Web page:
“Growth is inevitable and desirable, but destruction of community character is not. The question is not whether your part of the world is going to change. The question is how.”
– Edward T. McMahon
Does your housekeeping list look like mine? Turn on the lights. Take out the trash. Clean the living room. The list could go on.
Have you noticed that how we perform these simple, daily tasks is changing? Smart utilities are replacing our old ones. Home automation is on the rise. Smart appliances that make our lives easier are now for sale and coming home with us.
At first glance, this influx of new capabilities has a novel appeal. After all, who doesn’t want a refrigerator to make their grocery list? I know I do. However, a second look reveals deeper potential. Potential that allows us to achieve sustainability across an entire community.
How can your home connect?
Thanks to a growing demand for a connected living experience, smart home capabilities are endless. Fruit bowls can detect mold. Wi-Fi-enabled windows can provide the best transparency via smartphone. Mobile devices can unlock the door to keyless homes.
These types of products are just the start of how homes can play a greater role in the Internet of Everything (IoE).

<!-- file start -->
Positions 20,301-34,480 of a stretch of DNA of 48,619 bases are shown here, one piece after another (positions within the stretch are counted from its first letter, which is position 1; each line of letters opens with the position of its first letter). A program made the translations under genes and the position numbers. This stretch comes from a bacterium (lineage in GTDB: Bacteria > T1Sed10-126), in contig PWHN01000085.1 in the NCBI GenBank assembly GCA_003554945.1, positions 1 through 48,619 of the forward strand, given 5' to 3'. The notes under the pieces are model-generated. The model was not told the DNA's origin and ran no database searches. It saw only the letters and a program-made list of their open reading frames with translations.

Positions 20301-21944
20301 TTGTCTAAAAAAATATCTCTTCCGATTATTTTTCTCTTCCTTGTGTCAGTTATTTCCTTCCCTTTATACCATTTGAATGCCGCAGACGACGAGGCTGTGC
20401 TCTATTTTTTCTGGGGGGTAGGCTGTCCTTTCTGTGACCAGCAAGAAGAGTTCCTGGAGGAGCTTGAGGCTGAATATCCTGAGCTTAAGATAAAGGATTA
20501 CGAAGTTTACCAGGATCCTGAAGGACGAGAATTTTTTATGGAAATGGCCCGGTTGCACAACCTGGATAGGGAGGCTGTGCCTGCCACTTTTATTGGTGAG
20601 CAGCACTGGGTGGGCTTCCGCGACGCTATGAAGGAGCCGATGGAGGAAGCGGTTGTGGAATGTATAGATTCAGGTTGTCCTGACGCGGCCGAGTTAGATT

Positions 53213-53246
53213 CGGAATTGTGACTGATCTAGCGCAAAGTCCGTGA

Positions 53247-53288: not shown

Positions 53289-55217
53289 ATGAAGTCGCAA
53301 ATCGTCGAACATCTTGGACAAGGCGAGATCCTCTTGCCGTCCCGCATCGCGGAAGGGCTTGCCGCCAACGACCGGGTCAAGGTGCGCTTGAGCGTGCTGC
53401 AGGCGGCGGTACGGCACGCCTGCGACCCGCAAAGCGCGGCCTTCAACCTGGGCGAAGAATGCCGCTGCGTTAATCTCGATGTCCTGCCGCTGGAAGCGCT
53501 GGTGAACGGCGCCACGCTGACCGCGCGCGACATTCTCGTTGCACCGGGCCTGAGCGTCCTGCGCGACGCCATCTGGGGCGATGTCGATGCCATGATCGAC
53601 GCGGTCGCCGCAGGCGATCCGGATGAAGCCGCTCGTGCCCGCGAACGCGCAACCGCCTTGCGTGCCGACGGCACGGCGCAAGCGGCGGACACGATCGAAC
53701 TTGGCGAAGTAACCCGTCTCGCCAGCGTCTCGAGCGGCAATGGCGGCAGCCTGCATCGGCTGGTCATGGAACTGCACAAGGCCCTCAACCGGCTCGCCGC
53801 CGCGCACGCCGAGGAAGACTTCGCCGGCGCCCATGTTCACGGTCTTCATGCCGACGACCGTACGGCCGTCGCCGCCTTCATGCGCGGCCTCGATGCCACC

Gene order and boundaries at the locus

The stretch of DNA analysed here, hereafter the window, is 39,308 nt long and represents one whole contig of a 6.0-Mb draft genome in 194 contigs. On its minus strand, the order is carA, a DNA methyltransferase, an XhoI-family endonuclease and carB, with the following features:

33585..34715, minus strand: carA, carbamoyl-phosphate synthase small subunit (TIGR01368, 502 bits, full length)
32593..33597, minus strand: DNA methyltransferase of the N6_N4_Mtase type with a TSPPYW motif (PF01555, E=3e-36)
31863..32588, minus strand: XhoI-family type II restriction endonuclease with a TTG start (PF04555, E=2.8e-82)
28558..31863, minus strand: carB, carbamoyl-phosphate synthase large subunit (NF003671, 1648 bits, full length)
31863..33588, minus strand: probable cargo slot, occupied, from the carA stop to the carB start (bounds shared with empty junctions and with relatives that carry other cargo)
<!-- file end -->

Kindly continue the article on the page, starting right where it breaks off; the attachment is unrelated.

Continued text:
In an Internet of Everything world, smart homes will only be a small part of a larger network of Smart+Connected Communities that will reduce overcrowding, pollution, and natural resource constraints –ultimately improving sustainability. In our work with Cities of the Future like Songdo, South Korea and Lake Nona, Florida we’ve begun to see the impact of truly connected communities.
For most of us, connected living won’t be in the form of a built-from-the-ground-up community. Instead, we will see changes to our existing communities: Improving convenience, increasing comfort, and highs in energy efficiency. For instance, Geneva recently debuted a new charging system that powers electric city buses in 15 seconds using electricity from hydropower.
How do we reach net zero?
The Internet of Everything will enable greater capabilities for net zero construction, meaning buildings will produce as much or more energy than they consume. According to a recent Forbes article, the key to any good net zero design is to reduce consumption.
Smart homes do just that.
Utilities that rely on a unified network, like your HVAC system, can easily be monitored for efficiency. This type of home control is vital to reducing waste and creating a connected lifestyle experience.
IoE includes you
The Internet of Everything doesn’t just connect data, processes and things. It connects people to all of these too. It’s clear that we are responsible for the growth and change of our world.
Maybe you will get the chance to witness the design and construction of an entire Smart+Connected city. Maybe you’ll just simply install a smart thermostat in your home. The one thing that will remain constant is that the Internet of Everything ties it all together, connecting cities, one home at a time.
Do you have a smart home or use smart appliances? Let me know!